The great thing about post-election analysis is: there’s almost no limit to the myriad ways to slice the pie and come to your own conclusions about what happened the night before. Last night was no exception, but in the NY25 race between Louise Slaughter and Maggie Brooks, I have to wonder where that great boogeyman, Crossroads GPS went to?
Crossroads GPS is Karl “Turdblossom” Rove’s Political Action Committee, which is Washington speak for “giant bank account for political ads.” After the Citizens United case effectively eliminated the limits on private financing of elections, CGPS served as the poster boy for everything disastrous that could happen when unlimited funds entered politics. And there’s no question that exorbitant sums of money were spent on this political season: one report has Conservative groups alone spending $800m on this election season. Nearly one billion dollars from only one demographic. Other reports have put the total expenditure for the season in the $2bn range.
I kept waiting for things to get really ugly in NY25. Here you have two well-liked, well-known candidates in a brand new district, duking it out in what should be a bad year for incumbents. Sooner or later, I thought, those Crossroads ads are going to get pretty nasty.
But instead, it seems like Crossroads were partying like it was 1999. Pay raises? Generic “taxes?” “High-flying junkets?” When and in what district has there been an election in which these attacks were not used? They are practically boilerplate Conservative attacks: you use this in addition to – not exclusively in lieu of – more relevant, local and timely attacks.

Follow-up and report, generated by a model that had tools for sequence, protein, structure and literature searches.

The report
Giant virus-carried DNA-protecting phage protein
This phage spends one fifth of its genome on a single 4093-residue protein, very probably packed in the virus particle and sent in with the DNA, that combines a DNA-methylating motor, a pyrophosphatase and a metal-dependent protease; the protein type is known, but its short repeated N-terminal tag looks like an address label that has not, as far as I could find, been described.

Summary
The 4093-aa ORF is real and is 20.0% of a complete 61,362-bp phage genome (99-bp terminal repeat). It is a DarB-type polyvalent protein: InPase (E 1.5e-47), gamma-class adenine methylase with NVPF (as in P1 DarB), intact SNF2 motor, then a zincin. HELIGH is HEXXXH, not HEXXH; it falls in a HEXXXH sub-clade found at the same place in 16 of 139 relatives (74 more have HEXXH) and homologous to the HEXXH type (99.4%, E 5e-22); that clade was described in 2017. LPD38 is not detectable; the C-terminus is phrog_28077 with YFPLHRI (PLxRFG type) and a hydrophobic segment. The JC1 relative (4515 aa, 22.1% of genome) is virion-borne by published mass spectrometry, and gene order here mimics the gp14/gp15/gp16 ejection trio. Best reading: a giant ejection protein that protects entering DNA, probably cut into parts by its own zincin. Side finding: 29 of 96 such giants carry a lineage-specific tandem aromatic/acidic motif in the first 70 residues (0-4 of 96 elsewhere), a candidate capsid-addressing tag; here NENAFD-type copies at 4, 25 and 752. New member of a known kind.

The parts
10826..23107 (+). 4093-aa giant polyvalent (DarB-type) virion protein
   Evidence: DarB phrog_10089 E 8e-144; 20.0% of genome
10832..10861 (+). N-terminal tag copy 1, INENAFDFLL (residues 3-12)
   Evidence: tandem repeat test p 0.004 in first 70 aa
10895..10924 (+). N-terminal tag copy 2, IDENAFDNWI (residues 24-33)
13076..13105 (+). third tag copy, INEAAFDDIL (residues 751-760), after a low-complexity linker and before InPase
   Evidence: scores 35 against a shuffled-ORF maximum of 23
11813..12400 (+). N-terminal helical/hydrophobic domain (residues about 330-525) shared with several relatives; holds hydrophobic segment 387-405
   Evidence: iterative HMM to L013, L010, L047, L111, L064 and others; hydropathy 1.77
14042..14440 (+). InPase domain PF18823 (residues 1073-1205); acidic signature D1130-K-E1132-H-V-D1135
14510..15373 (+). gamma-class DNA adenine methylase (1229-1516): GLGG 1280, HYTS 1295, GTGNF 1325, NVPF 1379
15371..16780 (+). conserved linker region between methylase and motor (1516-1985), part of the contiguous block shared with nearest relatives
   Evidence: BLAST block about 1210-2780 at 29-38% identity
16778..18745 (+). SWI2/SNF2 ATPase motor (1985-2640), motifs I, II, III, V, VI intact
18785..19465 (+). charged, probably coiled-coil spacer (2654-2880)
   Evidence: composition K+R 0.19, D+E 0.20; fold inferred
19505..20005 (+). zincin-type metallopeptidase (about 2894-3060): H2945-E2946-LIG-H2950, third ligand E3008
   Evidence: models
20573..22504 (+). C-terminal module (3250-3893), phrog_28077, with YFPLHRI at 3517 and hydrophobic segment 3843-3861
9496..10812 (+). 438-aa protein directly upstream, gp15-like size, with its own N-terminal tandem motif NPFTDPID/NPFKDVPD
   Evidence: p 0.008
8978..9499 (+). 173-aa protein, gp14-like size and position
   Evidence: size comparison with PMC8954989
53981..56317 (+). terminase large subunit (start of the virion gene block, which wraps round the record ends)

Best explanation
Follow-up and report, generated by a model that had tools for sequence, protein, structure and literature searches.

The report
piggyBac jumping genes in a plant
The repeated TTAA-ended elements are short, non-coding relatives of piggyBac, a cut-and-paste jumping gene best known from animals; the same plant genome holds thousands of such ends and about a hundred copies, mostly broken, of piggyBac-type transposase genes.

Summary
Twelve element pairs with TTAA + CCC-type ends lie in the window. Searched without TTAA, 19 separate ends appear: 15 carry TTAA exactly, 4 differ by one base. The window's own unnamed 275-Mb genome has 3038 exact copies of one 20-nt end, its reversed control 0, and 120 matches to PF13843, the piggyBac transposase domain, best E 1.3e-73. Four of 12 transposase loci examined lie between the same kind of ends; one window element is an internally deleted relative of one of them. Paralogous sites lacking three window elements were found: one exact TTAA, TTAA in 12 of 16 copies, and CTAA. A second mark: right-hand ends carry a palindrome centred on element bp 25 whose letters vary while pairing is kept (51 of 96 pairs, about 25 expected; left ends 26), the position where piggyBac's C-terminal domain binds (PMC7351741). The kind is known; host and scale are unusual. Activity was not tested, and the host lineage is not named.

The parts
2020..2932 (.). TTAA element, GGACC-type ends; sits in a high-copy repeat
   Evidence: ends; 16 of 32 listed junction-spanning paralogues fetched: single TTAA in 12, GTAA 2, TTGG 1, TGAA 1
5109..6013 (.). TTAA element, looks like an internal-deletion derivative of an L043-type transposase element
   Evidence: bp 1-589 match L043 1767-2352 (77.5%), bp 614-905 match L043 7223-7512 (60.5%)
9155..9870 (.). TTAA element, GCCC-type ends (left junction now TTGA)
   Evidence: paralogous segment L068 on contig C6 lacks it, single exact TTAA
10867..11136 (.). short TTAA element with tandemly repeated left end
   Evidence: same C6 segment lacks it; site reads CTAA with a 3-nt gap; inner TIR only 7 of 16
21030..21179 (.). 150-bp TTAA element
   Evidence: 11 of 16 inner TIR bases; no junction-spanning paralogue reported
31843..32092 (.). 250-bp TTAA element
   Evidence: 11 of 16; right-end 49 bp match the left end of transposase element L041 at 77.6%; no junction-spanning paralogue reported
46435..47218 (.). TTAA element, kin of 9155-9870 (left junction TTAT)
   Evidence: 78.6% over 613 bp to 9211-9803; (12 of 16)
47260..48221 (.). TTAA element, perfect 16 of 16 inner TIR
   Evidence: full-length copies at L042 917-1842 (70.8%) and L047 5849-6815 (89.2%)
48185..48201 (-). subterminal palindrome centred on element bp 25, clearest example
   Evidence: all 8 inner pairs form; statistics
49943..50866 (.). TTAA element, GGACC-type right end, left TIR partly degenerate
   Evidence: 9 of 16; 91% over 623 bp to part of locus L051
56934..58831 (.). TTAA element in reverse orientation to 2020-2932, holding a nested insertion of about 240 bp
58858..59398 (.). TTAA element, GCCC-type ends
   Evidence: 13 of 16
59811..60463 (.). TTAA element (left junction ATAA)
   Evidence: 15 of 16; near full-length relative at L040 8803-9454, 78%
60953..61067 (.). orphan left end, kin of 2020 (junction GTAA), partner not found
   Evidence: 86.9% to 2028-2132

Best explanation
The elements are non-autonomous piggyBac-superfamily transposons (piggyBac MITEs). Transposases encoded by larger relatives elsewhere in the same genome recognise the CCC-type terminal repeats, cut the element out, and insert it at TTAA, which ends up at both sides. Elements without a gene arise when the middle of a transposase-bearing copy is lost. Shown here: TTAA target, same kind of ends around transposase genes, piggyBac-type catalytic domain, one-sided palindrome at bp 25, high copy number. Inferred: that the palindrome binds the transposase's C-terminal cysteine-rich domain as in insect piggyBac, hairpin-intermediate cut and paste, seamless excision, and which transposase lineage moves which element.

Its worth noting that, for a politician with 26 years in Congress of all places, Louise Slaughter has what can only be considered a shockingly clean record. No scandals, not even much argument over “earmarks” or sops to patrons. Even so, there must have been something – something – that the Crossroads people could have dredged up if they really wanted to. But despite the NY25 campaign being one of the most expensive in the state, it doesn’t seem like Crossroads spent much of that cash on research.
It would be a mistake on a number of levels to assume that this means outside money and unlimited cash have no effect. But its clear that simply dumping a bunch of money on a race will not by itself win that race. Yes, there is such a thing as bad advertisement. Perhaps in other races, Crossroads’ efforts were more focused, but in this race at least, their results cast a pretty dim light on the organization.